Building on the experience and insights of hackathon leaders, Stanford PACS is excited to host our first CodeJam this coming Saturday, April 20th. In partnership with the White House Office of Social Innovation and Civic Participation, LinkedIn, Palantir, The Aspen Institute, and several other Silicon Valley firms student teams will be working on a variety of ideas all drawn from the intersection of open data, jobs and job creation, and the social sector. We've got teams working on social enterprise corporate forms to immigration and work issues, 'common applications' and career planning tools. We also have a special challenge focused on jobs for veterans and military families.

The students will get advice from experts from the Foundation Center, Caravan studios, Benetech, SocialCoding4Good, GirlGeeks, Watsi, investors/attorneys, and local foundations involved in the Reporting Commitment. They're joining us help the students ground their ideas in reality and to think about how this type of CodeJam opportunity might be applied to some of their data. We'll highlight the Markets4ForGood effort and the Data Interoperability Grand Challenge as potential "next steps" for some of the ideas, and are thrilled that at least one of the teams is already a Knight News Challenge semifinalist.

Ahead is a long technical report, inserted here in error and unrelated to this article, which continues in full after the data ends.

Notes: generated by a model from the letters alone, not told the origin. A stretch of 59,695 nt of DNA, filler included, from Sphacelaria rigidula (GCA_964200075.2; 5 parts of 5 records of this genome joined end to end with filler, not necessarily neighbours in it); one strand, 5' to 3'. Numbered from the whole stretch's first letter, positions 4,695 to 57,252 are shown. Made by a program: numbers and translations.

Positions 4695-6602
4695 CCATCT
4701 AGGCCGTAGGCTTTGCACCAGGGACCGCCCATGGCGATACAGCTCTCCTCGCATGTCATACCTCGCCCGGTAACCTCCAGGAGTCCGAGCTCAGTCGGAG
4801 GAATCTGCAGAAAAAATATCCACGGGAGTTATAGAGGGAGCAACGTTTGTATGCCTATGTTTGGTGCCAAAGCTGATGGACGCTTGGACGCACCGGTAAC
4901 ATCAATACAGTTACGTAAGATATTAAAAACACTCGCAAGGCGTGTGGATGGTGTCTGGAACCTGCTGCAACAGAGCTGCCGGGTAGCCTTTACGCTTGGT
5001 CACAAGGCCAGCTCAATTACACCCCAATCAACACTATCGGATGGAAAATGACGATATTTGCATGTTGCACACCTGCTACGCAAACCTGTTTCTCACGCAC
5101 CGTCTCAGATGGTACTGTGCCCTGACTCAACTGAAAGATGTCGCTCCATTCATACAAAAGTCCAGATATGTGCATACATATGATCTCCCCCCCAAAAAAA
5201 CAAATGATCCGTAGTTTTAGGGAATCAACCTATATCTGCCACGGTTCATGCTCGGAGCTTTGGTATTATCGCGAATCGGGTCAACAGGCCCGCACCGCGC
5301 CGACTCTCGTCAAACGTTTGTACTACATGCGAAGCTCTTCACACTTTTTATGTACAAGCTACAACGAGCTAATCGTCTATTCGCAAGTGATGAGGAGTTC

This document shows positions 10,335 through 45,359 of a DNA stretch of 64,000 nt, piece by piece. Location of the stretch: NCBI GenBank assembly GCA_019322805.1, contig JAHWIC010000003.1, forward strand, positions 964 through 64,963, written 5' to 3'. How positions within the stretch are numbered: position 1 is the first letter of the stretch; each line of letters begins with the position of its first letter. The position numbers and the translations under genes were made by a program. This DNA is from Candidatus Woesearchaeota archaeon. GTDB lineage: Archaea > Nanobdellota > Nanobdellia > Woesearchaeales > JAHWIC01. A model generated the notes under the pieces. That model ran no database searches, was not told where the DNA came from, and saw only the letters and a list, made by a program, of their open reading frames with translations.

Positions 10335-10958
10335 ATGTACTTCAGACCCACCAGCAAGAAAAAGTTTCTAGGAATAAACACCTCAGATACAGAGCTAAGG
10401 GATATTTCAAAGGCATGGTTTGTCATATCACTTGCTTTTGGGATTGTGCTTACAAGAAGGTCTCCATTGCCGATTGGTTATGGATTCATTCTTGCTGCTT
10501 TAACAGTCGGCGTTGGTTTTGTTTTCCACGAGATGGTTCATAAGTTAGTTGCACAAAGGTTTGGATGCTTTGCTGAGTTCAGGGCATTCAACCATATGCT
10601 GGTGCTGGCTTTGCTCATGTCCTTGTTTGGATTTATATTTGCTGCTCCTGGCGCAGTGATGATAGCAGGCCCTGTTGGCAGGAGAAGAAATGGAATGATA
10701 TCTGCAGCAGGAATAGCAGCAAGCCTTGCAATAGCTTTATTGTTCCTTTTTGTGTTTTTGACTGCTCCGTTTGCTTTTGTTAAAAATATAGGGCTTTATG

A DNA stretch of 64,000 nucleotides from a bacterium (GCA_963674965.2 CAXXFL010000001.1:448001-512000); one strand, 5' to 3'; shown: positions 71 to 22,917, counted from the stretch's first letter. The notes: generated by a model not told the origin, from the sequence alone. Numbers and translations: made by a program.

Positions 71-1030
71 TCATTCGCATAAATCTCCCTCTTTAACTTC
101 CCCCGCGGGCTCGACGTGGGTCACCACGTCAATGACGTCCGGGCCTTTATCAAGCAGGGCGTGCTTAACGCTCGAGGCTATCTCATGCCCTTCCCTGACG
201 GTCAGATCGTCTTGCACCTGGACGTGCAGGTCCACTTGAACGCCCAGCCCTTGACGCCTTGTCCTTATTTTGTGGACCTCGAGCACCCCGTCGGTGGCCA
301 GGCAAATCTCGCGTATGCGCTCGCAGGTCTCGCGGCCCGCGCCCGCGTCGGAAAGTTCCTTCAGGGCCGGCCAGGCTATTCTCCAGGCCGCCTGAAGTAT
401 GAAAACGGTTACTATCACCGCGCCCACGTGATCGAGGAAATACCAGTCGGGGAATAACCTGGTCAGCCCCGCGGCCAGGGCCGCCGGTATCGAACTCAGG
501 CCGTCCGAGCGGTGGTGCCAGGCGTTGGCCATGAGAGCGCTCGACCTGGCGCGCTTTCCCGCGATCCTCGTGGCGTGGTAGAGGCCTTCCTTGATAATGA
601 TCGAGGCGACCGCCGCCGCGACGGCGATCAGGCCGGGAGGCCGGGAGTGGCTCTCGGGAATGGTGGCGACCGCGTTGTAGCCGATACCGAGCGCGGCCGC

As part of the ongoing work of the #ReCodingGood project and Digital Civil Society Lab we're planning to continue events like these in partnership with social sector organizations, government agencies, and tech firms - always looking toward building human connections and ongoing relationships as well as new code or apps. We hope this is a useful addition to the burgeoning network of hackathons - including the NASA SpaceApps Challenge (which also launches on April 20th) and the National Day of Civic Hacking.

Stay tuned - I'll report back on the outcomes of the day.

Thinking harder about taxes and philanthropy

Here's an event worth watching (or attending if you are in DC)

The Charitable Deduction in American Political Thought

"The charitable contribution deduction is in peril, a potential casualty in the looming budget wars of 2013," notes attorney Alex Reid. One reason for that might be our surprisingly superficial understanding of the purposes and effects of the deduction. Most discussion focuses on its place in the tax code, its impact on the federal budget, or its immediate economic effect on giving.